Investors in explorer Cairn Energy were toasting the prospect yesterday of a £5.5billion windfall from the Indian oil fields it bought control of more than a decade ago for only £4.7million.
Edinburgh-based Cairn owns 62.4% of Cairn India, which struck oil in Rajasthan in 2004 and has kept finding more since.
Cairn’s chief executive is former Scottish rugby international Sir Bill Gammell.
Sir Bill stands to gain the best part of £10million from his own shareholding in Cairn and Mike Watts, his deputy chief executive, around £6million from his stake, although this will depend on how much of the cash mountain Cairn decides to return to investors.
Sir Bill said yesterday shareholders would get more than 50% of the net proceeds.
Cairn is selling most of its stake in Cairn India for up to £5.5billion after buying out Shell from a 50-50 exploration joint venture between 1997 and 2002 before the transformational discovery six years ago.
The sale of up to 51% to India-focused miner Vedanta Resources will allow Cairn to invest more resources in its Greenland drilling activities, where it is targeting billions of barrels of potential reserves.
Cairn first entered India in the early 1990s and made the discovery in the Mangala field in 2004. This was the largest onshore discovery in India for more than 20 years and propelled Cairn India to become the country’s fourth-largest oil and gas company.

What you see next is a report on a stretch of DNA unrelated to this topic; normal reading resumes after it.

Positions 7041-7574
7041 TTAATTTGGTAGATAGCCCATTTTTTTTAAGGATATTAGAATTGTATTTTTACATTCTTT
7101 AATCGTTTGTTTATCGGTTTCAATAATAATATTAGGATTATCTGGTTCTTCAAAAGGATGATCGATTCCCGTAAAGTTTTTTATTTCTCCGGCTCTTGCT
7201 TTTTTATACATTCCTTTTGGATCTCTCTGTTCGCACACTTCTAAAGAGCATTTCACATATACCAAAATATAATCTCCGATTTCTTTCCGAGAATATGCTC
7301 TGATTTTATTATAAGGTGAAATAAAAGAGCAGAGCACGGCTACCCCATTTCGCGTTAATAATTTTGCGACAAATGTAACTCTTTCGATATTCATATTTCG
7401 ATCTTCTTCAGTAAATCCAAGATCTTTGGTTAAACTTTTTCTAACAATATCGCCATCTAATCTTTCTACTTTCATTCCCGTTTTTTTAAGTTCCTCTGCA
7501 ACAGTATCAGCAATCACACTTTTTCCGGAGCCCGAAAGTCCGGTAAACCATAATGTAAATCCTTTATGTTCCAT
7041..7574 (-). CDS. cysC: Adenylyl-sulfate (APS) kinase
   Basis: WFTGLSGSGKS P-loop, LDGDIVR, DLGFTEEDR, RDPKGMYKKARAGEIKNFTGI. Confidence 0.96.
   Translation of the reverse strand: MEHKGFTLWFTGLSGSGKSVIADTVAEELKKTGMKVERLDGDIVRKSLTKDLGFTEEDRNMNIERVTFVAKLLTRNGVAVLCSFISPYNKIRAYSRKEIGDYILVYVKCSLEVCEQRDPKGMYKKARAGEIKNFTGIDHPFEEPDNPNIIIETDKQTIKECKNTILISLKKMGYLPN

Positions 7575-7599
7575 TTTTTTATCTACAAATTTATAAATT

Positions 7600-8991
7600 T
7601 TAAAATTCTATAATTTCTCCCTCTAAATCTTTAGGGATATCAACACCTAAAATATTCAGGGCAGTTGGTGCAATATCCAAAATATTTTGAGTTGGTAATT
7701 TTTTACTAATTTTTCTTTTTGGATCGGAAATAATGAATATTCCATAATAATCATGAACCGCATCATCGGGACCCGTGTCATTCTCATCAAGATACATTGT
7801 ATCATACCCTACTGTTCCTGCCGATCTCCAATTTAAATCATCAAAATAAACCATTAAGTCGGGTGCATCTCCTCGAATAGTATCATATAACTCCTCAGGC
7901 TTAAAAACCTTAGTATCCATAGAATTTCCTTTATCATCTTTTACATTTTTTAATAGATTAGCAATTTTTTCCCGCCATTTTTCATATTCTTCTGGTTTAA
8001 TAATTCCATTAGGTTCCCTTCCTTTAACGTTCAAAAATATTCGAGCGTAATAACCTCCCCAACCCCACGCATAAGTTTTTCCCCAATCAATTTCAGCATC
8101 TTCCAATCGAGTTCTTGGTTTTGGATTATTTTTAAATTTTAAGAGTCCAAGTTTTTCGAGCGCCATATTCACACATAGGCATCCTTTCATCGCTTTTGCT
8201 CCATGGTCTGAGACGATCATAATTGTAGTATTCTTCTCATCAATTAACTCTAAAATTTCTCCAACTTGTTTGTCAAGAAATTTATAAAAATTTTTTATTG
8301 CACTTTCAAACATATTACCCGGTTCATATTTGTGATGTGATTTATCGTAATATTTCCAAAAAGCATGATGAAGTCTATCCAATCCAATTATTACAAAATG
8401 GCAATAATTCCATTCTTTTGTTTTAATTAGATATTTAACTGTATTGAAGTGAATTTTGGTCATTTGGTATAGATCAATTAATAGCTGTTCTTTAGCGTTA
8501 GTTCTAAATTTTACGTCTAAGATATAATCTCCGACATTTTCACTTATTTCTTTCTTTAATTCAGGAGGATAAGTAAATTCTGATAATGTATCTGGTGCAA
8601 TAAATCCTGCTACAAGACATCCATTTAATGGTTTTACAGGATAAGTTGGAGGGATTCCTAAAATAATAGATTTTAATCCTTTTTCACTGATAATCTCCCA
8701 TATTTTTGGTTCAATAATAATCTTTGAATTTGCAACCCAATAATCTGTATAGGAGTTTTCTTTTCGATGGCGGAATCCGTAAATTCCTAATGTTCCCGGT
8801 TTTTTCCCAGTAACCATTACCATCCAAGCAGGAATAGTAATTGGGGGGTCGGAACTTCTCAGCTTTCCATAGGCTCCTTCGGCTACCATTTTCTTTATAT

The company, which has interests in 11 blocks in India and Sri Lanka, has since made 25 further discoveries.
Cairn will sell a maximum 51% of the Indian business to Vedanta, leaving the firm with a minimum stake of about 11% in the company.
Other major shareholders in Cairn India are institutions with 20.2% and Malaysian state oil company Petronas with 14.9%.
Sir Bill, who attended Fettes College in Scotland with former prime minister Tony Blair, said yesterday: “I’m very happy. This is a good deal all round.
“We’re selling 40% initially and have another 11% locked in at a good price. Our retained stake of about 11% will give us good value going forward as Vedanta is committed to investing and developing in Rajasthan.
“We don’t know yet how much of the proceeds will be spent on drilling offshore Greenland. That will depend on progress there.”
Shares in Cairn rose 5.3% to 493.2p yesterday, but Numis Securities analyst Sanjeev Bahl said Cairn would be a “very different kettle of fish” following the sale.
He said: “The large proportion of the company’s value will be in its high-risk/reward Greenland exploration portfolio.
“This high percentage of exploration exposure, and implied share price volatility, may not appeal to those with lower risk appetites.”
Vedanta Resources was up 100p to £21.53.